The notion that the lack of an elected senate in anyway constitutes a democratic deficit is patently absurd. As is implied by the notion of a triple E senate, for example, the senate in its current form is an "ineffective" body devoid of any real powers. Needless to say, a body that adds nothing to the genuine "effective" democratic process of the House of Commons can not take away anything either.
Still, that begs the question: would Canada be better off with two “effective” houses? The answer is no. As Benjamin Franklin put it, having two equally matched houses makes as much sense as tying two equally matched horses to either end of a buggy and having them both pull. However, for most of the supporters of such an idea that was precisely the point. As the name of Britain’s two houses, the House of Lords and the House of Commons, indicate the purpose of having a second House was to check the will of common people. The purpose of the Canadian senate was to do the same.
Unfortunately for the US, political necessity gave US supporters of the Second House, modeled on the British parliamentary system, the upper hand over true democrats, such as Franklin. Agreement was not possible unless the smaller states were given the power to override, or at the very least temper the will of the majority of Americans. The slave owning south, for one, wanted to insure that the institution of slavery was maintained. The lack of any sort of party discipline together with a bicameral house is a potent brew indeed. Regional interests make out like bandits, the lobbyist’s play divide and conquer and the need to water down legislation that has the support of the majority of Americans would have warmed the heart of anti democratic plutocrats, such as Adams. Alaska, for example, has a 1000 times the political clout of, say, PEI, even though Alaska makes up a smaller portion of the US population than PEI Canada’s. To top things off, a lack of any sort effective caps on corporate campaign contributions means that only the richest of the rich have the economic wherewithal to run for the Senate. Indeed, one could make a pretty good case that the original Senate, with its land ownership requirements, was open to greater percentage of the population than the current one is.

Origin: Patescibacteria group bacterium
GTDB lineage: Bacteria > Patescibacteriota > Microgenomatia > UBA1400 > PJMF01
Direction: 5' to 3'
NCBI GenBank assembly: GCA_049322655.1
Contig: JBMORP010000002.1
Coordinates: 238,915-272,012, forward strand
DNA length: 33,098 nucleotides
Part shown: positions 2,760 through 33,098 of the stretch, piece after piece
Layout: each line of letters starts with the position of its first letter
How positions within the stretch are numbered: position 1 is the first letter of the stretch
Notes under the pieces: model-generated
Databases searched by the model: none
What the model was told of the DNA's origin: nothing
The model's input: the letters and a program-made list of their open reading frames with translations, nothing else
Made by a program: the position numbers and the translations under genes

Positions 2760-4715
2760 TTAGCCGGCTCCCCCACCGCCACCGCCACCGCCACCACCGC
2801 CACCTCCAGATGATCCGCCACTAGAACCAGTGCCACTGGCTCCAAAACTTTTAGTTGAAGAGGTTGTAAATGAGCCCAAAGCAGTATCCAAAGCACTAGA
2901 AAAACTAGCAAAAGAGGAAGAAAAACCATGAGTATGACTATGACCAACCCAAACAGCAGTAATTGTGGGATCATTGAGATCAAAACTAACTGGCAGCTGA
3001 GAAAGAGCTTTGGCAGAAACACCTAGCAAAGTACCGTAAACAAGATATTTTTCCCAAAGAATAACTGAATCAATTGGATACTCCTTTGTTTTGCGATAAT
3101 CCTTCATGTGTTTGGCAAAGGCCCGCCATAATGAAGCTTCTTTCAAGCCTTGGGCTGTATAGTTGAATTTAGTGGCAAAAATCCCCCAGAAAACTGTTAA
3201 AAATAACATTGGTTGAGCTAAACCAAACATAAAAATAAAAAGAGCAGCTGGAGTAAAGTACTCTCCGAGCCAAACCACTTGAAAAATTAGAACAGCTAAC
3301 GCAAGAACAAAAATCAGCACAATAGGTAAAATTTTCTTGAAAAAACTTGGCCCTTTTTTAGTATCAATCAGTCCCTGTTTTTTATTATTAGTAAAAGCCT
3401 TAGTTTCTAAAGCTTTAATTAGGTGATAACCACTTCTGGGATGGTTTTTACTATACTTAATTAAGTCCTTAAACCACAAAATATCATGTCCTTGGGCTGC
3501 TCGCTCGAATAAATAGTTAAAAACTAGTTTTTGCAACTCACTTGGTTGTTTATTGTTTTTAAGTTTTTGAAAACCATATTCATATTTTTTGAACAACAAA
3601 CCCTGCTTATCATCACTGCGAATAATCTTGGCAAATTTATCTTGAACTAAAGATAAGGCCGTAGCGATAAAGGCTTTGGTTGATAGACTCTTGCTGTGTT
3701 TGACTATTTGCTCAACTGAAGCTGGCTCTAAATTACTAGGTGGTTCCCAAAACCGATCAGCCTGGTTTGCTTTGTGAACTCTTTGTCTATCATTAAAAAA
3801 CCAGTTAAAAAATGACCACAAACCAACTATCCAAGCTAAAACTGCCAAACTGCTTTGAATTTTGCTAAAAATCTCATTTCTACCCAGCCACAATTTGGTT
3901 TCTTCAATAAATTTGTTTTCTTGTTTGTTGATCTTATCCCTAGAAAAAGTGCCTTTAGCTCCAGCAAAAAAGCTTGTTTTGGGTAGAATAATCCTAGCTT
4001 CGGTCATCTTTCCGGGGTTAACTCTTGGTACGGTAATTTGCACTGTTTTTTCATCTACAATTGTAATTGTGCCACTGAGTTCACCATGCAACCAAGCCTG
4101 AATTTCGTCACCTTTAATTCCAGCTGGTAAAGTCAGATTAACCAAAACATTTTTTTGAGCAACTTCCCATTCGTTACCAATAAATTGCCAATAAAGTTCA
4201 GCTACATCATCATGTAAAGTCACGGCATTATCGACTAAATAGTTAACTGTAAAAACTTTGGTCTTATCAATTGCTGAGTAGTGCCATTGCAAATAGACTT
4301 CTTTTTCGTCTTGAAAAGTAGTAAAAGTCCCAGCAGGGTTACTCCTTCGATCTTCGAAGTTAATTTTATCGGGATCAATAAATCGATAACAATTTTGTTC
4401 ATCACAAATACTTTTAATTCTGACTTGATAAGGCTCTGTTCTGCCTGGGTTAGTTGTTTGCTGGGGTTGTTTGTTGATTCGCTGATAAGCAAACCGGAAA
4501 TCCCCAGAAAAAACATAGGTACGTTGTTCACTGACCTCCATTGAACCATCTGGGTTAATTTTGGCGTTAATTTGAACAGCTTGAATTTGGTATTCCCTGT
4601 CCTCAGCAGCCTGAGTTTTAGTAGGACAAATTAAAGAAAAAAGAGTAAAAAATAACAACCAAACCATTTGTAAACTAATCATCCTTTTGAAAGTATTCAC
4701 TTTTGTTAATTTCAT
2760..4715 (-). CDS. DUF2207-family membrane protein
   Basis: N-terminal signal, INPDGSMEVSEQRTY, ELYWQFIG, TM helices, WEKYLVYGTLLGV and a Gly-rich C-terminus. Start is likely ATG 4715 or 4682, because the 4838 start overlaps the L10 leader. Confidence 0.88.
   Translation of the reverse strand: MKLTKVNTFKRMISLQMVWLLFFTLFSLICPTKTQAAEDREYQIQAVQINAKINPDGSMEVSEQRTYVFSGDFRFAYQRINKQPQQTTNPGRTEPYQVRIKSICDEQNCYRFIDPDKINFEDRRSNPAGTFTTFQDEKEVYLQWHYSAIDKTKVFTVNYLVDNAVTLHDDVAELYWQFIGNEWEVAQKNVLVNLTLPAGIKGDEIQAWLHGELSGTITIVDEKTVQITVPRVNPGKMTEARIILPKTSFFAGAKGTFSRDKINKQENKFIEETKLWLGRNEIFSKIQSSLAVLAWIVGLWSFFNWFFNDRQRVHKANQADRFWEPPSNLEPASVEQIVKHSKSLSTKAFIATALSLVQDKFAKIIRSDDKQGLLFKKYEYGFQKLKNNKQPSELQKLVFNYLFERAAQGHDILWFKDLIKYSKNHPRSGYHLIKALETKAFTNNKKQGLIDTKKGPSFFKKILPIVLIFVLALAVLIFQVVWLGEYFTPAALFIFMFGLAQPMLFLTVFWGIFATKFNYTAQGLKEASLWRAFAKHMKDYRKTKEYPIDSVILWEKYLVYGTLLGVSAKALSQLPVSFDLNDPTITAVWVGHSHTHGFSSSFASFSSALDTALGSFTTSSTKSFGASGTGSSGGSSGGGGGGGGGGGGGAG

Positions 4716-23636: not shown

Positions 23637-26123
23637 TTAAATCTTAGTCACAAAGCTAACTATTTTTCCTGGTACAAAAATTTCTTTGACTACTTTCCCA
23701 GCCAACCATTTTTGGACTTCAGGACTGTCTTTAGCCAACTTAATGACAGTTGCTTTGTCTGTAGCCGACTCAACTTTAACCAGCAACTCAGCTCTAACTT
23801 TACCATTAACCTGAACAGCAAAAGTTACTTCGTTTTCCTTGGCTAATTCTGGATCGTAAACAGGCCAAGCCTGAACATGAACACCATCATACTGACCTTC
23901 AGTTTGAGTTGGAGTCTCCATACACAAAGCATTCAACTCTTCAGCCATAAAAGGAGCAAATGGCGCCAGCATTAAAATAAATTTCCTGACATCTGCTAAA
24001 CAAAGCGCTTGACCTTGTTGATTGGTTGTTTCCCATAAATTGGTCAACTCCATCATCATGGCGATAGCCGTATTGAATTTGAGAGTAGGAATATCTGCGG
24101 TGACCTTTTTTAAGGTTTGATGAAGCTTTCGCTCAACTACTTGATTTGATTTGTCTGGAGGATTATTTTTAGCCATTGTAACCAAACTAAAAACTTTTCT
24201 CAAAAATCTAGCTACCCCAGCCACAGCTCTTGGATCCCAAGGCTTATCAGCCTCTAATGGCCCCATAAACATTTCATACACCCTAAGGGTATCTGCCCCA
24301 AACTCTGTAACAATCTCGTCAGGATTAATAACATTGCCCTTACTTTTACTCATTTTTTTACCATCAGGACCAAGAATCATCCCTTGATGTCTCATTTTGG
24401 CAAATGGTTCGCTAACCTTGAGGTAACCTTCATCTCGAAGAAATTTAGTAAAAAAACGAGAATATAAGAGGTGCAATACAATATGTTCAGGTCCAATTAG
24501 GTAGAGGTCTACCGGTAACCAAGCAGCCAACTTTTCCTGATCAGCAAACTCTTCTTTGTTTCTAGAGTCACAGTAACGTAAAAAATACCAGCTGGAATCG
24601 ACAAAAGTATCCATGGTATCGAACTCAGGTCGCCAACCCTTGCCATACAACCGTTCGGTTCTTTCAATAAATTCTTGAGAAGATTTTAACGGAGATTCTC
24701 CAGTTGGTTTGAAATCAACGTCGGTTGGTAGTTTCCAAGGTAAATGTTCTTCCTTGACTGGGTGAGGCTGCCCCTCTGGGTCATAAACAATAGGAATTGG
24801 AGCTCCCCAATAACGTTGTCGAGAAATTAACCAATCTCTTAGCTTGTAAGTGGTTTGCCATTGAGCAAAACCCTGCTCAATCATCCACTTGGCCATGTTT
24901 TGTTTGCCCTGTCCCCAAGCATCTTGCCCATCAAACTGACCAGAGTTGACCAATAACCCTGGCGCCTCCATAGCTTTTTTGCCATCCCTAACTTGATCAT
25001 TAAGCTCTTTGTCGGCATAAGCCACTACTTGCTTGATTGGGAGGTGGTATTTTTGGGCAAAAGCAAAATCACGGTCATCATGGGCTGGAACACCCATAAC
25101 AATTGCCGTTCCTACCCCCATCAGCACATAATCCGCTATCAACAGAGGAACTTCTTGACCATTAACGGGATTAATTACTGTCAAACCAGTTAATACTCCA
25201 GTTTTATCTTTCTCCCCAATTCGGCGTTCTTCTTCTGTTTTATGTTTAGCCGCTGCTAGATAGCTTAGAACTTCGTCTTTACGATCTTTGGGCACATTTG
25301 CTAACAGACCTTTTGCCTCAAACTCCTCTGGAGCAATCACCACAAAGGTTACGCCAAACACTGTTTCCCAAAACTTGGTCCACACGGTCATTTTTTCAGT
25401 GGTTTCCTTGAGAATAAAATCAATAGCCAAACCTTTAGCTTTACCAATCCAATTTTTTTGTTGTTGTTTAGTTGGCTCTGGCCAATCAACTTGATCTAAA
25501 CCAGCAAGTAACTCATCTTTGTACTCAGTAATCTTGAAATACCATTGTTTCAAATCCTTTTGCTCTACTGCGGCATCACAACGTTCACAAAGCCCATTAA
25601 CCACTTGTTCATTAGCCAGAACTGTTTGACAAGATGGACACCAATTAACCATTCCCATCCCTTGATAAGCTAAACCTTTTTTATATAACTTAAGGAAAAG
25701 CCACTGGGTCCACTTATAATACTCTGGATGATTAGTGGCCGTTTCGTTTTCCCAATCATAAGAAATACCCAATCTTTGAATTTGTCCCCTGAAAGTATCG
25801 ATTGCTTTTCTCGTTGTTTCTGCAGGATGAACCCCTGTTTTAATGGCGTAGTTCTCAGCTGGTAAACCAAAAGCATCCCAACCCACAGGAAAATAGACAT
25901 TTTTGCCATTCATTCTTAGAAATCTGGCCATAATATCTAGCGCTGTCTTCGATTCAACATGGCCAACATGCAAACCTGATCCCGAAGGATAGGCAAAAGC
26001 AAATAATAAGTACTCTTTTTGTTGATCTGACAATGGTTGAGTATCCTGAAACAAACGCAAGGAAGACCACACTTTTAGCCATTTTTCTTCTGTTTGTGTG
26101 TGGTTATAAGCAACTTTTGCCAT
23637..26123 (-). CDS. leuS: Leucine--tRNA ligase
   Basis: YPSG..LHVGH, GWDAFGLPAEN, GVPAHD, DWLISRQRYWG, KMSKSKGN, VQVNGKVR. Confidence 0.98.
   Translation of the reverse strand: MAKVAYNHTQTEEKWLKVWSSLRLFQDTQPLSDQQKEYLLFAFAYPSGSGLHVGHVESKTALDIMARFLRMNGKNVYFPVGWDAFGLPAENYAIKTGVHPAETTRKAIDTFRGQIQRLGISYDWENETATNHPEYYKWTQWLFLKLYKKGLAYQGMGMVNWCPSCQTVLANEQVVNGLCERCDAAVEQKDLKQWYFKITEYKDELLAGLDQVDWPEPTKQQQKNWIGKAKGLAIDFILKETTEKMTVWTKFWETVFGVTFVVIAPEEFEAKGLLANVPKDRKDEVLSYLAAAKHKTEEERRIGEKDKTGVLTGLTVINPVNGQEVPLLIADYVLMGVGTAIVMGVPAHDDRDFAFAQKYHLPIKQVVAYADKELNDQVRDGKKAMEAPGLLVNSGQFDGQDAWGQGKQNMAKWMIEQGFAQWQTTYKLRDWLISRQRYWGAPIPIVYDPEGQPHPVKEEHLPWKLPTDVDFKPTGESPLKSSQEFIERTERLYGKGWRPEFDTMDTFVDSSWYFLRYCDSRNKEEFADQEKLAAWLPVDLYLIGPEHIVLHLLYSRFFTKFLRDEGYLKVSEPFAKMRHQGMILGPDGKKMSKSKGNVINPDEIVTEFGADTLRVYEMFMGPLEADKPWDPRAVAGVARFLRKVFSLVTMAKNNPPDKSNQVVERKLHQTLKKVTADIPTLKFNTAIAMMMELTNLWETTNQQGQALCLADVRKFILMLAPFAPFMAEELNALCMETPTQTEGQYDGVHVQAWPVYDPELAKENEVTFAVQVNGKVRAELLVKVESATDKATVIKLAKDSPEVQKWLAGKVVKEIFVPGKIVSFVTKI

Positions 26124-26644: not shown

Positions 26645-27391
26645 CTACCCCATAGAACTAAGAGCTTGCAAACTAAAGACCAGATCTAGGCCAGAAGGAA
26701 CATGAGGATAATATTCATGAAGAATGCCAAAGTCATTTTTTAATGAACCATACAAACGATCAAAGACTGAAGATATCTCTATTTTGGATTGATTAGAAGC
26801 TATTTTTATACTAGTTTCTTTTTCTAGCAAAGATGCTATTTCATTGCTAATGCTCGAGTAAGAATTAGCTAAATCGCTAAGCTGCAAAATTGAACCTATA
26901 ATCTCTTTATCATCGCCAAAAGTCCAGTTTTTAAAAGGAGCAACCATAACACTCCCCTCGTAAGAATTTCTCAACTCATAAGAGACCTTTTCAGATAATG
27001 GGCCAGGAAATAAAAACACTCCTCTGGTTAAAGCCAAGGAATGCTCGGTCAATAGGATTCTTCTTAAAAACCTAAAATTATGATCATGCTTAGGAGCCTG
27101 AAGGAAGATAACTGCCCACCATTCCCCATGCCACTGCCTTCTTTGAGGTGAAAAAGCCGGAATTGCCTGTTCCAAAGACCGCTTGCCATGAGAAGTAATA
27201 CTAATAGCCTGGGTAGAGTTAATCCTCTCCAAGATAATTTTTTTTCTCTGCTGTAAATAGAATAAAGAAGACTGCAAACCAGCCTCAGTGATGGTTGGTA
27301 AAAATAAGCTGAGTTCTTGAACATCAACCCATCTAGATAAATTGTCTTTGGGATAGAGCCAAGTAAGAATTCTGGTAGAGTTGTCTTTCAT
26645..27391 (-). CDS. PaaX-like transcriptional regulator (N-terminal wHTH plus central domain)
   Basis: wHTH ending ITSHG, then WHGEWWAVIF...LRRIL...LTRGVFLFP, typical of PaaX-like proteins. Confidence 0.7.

Naturally the Conservatives are committed emulating the American system and as bad as that is, things have the potential of getting a whole lot worse. (Harper was once committed to abolishing caps on corporate donations, but has since reversed course.) Being unable to “reform” the Senate in one fell swoop, Harper has proposed electing effective Senators piece meal. It is hard to image a dumber idea. In the long term, the effect of such a process would be to transform an unelected political body with no power into a largely unelected political body with real political power. In the short term, it would commit Canadians to the farcical and expensive act of electing people to office who hold no real power. If that was bad enough it would give provinces, such as Novo Scotia, power way out of proportion to their actual population.